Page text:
Router Freedom is the right of customers of any Internet Service Provider (ISP) to choose and use a private modem and router instead of a router that the ISP forces them to use. The Body of European Regulators for Electronic Communications (BEREC) drafted guidelines for national agencies how to deal with Router Freedom in their countries. The Free Software Foundation Europe (FSFE) provided mixed feedback to an ongoing public consulation.
The status of Router Freedom in Europe differs from country to country as the monitoring by the FSFE shows. The core of the debate is the question of where the Network Termination Point (NTP) is located. This defines where the network of the ISP ends and where the network of the user begins. If the modem and router are considered part of the ISP's infrastructure, a user cannot claim sovereignty of their communication and security.
The patchwork rug of different rules may change soon as BEREC, the Body of European Regulators for Electronic Communications, has been commissioned to create guidelines for the National Regulatory Agencies (NRAs) and help them with implementing European regulation in a harmonised way. BEREC's current draft of the guidelines is up for public consultation until 21 November 2019. We analysed this draft and the EU Directives and Regulations it references, and provided our conclusion in a brief document.In short, BEREC puts three different models forward to discussion:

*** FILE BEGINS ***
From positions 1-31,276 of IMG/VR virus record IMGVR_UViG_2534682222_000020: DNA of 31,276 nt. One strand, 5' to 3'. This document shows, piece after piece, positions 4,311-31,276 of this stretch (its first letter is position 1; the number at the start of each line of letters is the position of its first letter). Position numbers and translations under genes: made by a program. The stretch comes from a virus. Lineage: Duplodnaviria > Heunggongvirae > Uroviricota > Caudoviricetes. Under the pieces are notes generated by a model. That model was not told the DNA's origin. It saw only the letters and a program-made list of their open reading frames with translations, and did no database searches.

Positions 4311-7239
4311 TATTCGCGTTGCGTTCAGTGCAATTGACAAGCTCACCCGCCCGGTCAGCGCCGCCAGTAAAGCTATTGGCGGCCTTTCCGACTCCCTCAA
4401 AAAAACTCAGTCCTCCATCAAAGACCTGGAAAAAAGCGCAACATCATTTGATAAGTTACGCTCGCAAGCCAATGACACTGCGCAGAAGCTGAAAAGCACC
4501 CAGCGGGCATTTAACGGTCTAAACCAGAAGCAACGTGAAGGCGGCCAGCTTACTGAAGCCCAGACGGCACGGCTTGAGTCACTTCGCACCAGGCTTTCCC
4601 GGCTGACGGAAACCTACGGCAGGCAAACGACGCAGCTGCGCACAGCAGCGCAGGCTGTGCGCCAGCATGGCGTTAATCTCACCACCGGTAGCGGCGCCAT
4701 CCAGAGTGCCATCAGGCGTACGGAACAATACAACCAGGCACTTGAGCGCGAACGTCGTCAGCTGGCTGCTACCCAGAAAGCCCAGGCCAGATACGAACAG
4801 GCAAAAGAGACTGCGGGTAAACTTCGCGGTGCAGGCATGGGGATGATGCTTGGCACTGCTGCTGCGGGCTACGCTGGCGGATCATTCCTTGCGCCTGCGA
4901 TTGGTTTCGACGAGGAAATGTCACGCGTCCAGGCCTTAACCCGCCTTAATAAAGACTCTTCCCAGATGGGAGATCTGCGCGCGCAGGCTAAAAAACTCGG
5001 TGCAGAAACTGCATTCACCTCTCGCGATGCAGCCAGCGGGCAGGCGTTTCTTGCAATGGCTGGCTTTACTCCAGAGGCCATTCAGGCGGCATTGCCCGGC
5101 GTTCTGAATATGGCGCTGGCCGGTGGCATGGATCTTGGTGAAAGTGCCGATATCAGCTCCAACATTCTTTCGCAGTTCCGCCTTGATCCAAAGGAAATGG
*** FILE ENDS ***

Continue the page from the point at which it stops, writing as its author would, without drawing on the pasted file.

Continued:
Understandably, we argued in favour of making point A the network termination point to establish and protect freedom of choice, privacy and data protection, fair competition of device manufacturers, as well as security. Furthermore, we made a few suggestions to improve the guidelines and their implementation by the National Regulatory Agencies:
You can still participate in the public consultation by just sharing your feedback on the draft BEREC guidelines by sending an e-mail to them before 21 November 2019 17:00 CET. It's a short deadline, so feel free to use our full response as an inspiration.
If you need more arguments in favour of Router Freedom, please read our summary page. For individuals and groups who want to become even more active for Router Freedom, we have created an activity package with more background information, experience reports of how the FSFE managed to turn the situation around in Germany, and other tips and tricks.